Abraham Accords on track despite Iran tensions - Head of National Cyber Directorate

Several experts spoke during Thursday’s “Celebrate the Faces of Israel” conference on the importance of tolerance and diversity in cyber education and cooperation.

Abraham Accords on track despite Iran tensions - Head of National Cyber Directorate

Israel National Cyber Directorate head Gabi Portnoy explained the sensitive relationship between tolerance and cybersecurity at The Jerusalem Post and Museum of Tolerance Jerusalem “Celebrate the Faces of Israel” conference in the capital yesterday. “We need a lot of tolerance these days in the world… In cyber, we don’t have any,” he said in an interview. He explained that the Counter Ransomware Initiative, a network of 37 countries collaborating to counter cyberwarfare together, is a much-needed breath of fresh air within the typically intolerant cybersecurity space.

“So, it’s a good thing that we are doing together, and for me, it’s tolerance.” He noted that another key aspect of international tolerance, the Abraham Accords, is on the right track as well, despite current cyber tensions spurred by Iran.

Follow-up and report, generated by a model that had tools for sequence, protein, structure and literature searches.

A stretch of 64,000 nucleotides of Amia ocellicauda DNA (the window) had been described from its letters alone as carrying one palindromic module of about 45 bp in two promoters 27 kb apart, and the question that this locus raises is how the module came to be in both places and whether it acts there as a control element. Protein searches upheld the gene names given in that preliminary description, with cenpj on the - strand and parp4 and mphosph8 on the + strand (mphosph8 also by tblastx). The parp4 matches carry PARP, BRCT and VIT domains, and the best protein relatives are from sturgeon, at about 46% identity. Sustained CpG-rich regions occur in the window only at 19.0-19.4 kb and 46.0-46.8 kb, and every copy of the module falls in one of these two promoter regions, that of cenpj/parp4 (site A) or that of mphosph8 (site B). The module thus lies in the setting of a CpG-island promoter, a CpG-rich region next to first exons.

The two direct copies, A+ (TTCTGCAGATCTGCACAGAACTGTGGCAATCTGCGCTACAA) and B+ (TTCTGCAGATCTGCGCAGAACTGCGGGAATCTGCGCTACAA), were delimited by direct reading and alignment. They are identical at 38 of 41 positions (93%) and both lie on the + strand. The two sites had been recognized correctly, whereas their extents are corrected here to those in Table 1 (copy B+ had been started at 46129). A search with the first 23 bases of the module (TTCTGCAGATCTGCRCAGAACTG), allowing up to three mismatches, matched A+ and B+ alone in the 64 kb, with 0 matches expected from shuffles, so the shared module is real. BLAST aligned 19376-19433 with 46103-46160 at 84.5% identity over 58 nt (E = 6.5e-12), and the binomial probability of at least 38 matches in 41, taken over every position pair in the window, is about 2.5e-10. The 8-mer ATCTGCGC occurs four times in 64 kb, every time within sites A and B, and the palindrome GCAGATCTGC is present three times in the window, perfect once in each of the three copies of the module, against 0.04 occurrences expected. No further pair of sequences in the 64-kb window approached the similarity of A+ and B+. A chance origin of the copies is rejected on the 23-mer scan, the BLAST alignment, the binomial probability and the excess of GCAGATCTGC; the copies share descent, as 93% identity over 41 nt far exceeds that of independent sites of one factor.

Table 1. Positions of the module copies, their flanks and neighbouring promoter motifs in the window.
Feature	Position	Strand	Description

“I think this is an important relationship and we will embrace it as much as we can,” Portnoy insisted. “Think about what kind of cyber defense we are building against our enemies when we work together.”

Teaching cyber skills from a young age

In a following panel discussion, Orit Tatarsky, director of the Capacity Building Center at the Cyber Directorate, explained the importance of enabling children to improve their cyber literacy from an early age.

“We’re currently putting on a strategic national plan with regard to capacity building, alongside equal opportunity, diversity and inclusion,” she said, highlighting several principles guiding the organization in its efforts.

“The first is that we’re focusing on underrepresented groups. We’ve seen [that lead to] major success, and we basically want to scale the success,” she said. “The second principle is that we believe that educational continuity is a key factor to succeeding in gaining meaningful employment and social mobility. So we need to start early in junior high and give the kids experience and exposure.”

Sagy Bar, CEO of the Rashi Foundation’s Cyber Education Center, highlighted the success of recent Machshim cyber education program, which has led to the contribution of Israel’s periphery within the tech and cyber sectors of the IDF, which in turn leads to their ability to integrate themselves into the nation’s hi-tech industry.

“13 years ago, only 3% of the IDF’s cyber and tech soldiers came from the periphery of Israel. We thought ‘ that’s not right,’ so we tried to break the connection between the zip code of the kids and their futures,” he said. “13 years later there are more than 3,000 graduates, 65% of which are accepted each year to IDF tech and cyber units. And that 3% I mentioned has grown to 5% of the cyber units coming from the periphery today. Machshim has proven that offering an opportunity [to learn] can change reality dramatically.”